Advertisement

The Exacerbation of Burnout During COVID-19: A Major Concern for Nurse Safety

      The United States and many other countries around the world are experiencing a pandemic that has not occurred to this extent since the 1918-1919 Spanish Flu. The virus has created a public health crisis and led to many challenges for health care providers and health care systems. As I write this column, many health care providers are on their way to New York to assist the nurses, respiratory therapists, and doctors who are exhausted there. The Federation of State Medical Boards has made a joint announcement that they are working together to ensure that they “will continue to explore ways to support qualified health care professionals as they respond to this evolving national emergency.”
      Federal of State Medical Boards (2020) US health care licensing and regulatory organization issue joint statement on COVID-19 pandemic.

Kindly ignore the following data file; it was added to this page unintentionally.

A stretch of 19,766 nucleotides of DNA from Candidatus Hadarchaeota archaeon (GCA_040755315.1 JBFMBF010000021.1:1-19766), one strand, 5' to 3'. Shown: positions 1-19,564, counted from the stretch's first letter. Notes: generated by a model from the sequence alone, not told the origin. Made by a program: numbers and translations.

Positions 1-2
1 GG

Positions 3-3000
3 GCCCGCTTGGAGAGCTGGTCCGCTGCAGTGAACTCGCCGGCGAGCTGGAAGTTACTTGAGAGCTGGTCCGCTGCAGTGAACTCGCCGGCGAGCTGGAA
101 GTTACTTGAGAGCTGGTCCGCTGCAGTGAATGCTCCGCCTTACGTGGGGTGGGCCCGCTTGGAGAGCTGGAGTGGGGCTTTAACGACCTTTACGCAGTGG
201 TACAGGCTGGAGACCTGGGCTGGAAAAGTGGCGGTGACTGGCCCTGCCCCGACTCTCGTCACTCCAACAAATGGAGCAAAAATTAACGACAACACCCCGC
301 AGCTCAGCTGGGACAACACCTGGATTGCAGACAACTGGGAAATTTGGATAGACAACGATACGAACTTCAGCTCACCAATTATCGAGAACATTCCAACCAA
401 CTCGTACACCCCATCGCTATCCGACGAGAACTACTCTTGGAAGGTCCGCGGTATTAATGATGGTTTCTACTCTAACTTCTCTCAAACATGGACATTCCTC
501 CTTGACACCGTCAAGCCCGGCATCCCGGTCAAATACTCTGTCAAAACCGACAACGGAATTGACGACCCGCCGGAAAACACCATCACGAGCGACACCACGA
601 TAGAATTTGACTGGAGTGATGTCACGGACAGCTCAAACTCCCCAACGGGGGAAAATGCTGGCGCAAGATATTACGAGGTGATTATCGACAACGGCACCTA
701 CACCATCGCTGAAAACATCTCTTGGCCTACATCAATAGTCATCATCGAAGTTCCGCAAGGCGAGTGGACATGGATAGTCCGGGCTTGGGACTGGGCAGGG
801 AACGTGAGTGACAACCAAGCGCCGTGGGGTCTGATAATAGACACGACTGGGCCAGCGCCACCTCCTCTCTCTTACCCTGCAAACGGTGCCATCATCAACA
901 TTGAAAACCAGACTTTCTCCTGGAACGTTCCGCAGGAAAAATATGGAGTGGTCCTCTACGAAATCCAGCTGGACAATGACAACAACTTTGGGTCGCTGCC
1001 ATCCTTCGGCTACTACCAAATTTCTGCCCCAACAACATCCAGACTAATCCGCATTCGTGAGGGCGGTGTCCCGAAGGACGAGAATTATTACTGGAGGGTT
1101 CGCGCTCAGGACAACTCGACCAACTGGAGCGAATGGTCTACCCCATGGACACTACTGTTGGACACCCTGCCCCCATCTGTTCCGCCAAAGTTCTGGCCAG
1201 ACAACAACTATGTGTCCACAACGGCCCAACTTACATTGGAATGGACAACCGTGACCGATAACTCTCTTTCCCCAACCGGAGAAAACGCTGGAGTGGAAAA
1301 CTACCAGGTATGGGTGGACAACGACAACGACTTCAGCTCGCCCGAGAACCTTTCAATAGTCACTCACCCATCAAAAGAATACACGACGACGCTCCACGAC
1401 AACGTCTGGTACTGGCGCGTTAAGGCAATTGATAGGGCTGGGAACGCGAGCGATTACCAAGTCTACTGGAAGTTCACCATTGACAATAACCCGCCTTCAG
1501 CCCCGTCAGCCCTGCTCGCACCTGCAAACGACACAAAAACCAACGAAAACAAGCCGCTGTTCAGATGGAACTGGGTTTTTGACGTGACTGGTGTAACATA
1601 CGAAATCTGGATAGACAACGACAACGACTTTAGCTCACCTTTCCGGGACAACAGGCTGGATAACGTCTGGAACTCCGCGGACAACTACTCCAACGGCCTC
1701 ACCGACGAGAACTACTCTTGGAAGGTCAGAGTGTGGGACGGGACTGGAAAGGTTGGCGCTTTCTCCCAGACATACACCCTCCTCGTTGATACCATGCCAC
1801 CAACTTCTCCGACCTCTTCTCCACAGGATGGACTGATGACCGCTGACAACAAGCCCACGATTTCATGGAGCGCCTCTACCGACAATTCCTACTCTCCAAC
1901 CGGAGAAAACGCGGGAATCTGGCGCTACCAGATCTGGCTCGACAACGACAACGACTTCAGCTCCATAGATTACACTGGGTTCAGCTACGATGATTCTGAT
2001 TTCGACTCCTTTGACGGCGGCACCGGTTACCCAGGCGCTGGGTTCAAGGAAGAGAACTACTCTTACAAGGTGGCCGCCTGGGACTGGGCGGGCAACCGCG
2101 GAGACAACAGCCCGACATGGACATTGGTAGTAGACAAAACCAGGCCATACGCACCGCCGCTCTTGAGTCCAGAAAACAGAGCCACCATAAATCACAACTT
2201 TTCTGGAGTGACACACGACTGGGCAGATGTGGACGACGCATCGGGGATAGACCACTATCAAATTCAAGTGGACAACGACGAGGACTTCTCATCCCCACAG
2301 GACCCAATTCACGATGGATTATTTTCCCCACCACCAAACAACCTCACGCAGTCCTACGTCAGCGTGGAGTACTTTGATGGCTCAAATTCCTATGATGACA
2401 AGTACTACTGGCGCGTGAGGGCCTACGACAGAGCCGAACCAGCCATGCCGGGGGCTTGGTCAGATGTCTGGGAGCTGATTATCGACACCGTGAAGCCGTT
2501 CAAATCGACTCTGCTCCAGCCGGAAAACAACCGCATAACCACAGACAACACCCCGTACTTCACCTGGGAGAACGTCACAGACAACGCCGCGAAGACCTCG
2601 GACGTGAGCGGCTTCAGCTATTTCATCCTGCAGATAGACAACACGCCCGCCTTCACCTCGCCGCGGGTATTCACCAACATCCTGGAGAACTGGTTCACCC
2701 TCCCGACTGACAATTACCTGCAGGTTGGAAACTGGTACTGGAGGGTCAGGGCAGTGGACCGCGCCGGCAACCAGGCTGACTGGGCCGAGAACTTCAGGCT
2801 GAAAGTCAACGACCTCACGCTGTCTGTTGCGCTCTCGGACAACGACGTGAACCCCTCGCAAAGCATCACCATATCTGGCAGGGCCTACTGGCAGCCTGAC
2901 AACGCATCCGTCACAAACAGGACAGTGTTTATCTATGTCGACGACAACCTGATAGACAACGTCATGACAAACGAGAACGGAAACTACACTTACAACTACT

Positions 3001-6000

That statement highlights the immense need for crossing state lines for doctors, nurses, pharmacists, and other health care providers during this national emergency. Thousands of other nurses, doctors, respiratory therapists, and so many others are working non-stop to care for COVID-19 patients, while concurrently determining how to meet the needs of their other patients. As fellow nurses, we have lived, shared, or heard these experiences.
      However, the reality of the health care environment before the arrival of COVID-19 presents some concerns. The frequent discussion in the media has focused on the number of ventilators and hospital beds, but often lacking in the discussion is the number of available nurses, doctors, respiratory therapists, and other qualified health care providers. We should be concerned about not only the number of qualified professionals, but also the number of “healthy” individuals who can care for sick patients and operate these complicated ventilators. In regard to the discussion of healthy, I am implying mentally and physically, not “burned out.”
      Burnout has been recognized by the World Health Organization and is only related to the workplace. Additionally, burnout is triggered by extended workplace stress which is not managed effectively.
      • Paton F.
      • Cur M.
      Nurse burnout: Are you at risk? Nursing News.